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Candied Fruits

This is an old-fashioned way of preserving fruit in a thick sugar syrup, and while the process takes several days the preparation itself is very simple.

One can buy candied fruits in the shops, but because they are usually im-ported they are expensive. Made at home when the fruit is in season it is very economical. A selection in the store cup-board means you have attractive colourful

decorations for sweets and puddings, additions to- cakes or a sweet meat to be served on its own after dinner. The Fruit

Fruits used for candying should be firm and at the peak of their perfection. The firmer fruits give a more successful

result than the soft fruits such as raspberries, strawberries and blackberries.

Apricots, cherries, peaches, pears, pine-apple and plums are ideal and the fruits should be prepared as for cooking.

Depending on the size of your bowls, it is better to prepare fruit in smaller quantities, otherwise you may find it difficult to keep topping up the syrup. Small fruits such as cherries only need stoning. Larger fruits-apricots, plums,

peaches-should be peeled and then halved or quartered. It is better to candy each fruit separately, otherwise the flavour

of each will be lost. Weigh the fruit and place it in a large saucepan. Cover with cold water, bring to the boil and simmer until the fruit is just soft-take care not to overcook the fruit as the end result will not be so successful. Drain the fruit into a heatproof bowl and reserve the cooking water. Syrup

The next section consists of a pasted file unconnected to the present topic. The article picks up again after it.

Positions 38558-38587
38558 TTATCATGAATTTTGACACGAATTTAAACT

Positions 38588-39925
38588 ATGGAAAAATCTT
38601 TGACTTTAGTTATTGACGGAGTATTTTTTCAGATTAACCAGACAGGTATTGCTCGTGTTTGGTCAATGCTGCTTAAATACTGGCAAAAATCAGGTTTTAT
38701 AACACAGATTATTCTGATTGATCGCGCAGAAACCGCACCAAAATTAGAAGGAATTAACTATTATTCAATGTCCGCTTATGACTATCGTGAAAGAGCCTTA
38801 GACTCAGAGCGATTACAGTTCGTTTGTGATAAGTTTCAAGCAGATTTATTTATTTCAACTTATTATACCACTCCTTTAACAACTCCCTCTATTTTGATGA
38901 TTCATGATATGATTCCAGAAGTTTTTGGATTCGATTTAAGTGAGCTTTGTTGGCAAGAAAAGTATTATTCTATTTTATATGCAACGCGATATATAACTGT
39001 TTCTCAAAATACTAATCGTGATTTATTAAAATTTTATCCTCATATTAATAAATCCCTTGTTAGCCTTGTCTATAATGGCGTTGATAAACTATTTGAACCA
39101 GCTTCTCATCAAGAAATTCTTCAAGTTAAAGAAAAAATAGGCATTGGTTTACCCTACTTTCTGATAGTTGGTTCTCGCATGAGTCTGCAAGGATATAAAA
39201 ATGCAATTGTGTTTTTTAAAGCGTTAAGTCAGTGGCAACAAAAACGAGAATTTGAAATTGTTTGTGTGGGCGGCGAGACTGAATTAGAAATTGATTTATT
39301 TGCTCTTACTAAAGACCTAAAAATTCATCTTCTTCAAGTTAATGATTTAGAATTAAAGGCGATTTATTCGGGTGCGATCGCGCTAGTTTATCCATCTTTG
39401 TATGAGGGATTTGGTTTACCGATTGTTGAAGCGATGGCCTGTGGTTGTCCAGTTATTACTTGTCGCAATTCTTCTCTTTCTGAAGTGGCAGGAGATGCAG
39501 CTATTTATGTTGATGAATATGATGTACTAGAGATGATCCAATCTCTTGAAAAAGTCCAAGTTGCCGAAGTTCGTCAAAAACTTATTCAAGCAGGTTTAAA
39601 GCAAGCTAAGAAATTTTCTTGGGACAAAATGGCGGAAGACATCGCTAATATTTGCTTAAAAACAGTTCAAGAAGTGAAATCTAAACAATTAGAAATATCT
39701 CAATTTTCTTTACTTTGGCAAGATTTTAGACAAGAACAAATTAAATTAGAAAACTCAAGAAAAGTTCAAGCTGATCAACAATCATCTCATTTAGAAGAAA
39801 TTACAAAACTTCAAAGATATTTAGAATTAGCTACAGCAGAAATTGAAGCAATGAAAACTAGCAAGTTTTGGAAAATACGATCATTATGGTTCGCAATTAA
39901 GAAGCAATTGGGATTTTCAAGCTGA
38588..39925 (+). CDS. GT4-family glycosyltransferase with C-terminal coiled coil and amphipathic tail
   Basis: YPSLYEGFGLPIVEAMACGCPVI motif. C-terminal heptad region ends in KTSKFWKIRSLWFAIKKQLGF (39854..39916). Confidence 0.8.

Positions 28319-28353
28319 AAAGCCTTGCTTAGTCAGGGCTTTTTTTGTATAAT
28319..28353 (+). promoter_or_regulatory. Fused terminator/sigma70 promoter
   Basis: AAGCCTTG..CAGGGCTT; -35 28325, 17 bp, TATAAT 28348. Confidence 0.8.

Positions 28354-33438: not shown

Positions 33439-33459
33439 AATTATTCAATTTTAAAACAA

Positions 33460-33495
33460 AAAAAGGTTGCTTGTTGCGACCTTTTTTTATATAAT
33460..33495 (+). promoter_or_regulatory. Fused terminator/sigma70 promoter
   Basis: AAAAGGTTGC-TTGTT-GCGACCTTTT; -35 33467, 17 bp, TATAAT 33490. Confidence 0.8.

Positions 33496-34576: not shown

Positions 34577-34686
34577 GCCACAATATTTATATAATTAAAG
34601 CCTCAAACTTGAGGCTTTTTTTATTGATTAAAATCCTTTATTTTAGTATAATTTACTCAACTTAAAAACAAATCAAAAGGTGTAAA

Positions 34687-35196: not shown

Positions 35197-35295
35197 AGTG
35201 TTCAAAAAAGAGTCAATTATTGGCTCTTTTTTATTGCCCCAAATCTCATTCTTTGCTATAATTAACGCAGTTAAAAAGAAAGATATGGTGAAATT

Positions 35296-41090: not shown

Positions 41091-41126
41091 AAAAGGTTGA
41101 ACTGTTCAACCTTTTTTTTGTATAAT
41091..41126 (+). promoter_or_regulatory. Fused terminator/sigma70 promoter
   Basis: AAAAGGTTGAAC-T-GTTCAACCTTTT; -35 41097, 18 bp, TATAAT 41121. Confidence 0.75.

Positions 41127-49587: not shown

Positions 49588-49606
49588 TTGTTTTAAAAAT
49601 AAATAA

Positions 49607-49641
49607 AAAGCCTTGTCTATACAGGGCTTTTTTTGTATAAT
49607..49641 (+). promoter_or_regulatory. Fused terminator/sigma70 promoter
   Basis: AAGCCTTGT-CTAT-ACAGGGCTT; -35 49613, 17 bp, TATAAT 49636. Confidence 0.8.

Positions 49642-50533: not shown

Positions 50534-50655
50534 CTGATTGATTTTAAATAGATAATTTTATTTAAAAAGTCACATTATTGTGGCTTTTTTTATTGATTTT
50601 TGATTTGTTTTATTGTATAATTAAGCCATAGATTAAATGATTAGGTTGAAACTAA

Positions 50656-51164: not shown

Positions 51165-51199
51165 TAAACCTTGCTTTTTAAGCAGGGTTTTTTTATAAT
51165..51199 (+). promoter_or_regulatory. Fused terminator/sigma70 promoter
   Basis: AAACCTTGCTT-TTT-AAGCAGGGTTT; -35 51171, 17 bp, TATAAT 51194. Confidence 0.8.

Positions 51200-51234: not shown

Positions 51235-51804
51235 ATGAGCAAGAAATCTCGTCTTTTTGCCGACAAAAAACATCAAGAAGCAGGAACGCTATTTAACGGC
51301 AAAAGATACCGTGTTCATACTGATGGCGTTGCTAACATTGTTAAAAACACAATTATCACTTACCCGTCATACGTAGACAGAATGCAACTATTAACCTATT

For every pound of fruit make a syrup with 10 fluid ounces of the reserved cooking water and 6 ounces of sugar. Place the water and sugar in a heavy based saucepan, bring to the boil slowly and cook over moderate heat until a thin syrup forms.

Candying the fruit

Pour the hot syrup over the fruit (make sure it is covered with syrup) and leave for 24 hours.

Every day for 3 days, drain off the syrup into a saucepan and add 2 ounces of sugar each time. Bring to the boil and pour the syrup over the fruit.

On the 5th day, drain off the syrup into a saucepan and add 3 ounces of sugar. Bring to the boil and when the sugar is dissolved pour over the fruit. Leave for 2 days, repeat the process and leave the fruit soaking in the syrup for 4 days.

To dry

Using a slotted spoon lift the fruit out of the syrup and spread it out on clean, dry baking sheets. Leave the fruit to

dry out in a very cool oven (100°F) or in a warming cupboard. Turn the fruit occa-sionally so it dries on all sides. It is ready when it is really dry and not sticky. To store

Pack the fruit in wax or cardboard cartons, each layer separated by a piece of greaseproof or waxed paper. Cover with a lid or piece of paper tied round with string. It is important that the containers are not airtight, otherwise the fruit

might go mouldy.

Crystallized Fruit

This gives a sugary finish to the fruit which makes an attractive gift if packed in pretty boxes. Dip the dried candied

fruit in boiling water, drain well, and coat each piece of fruit with sugar.

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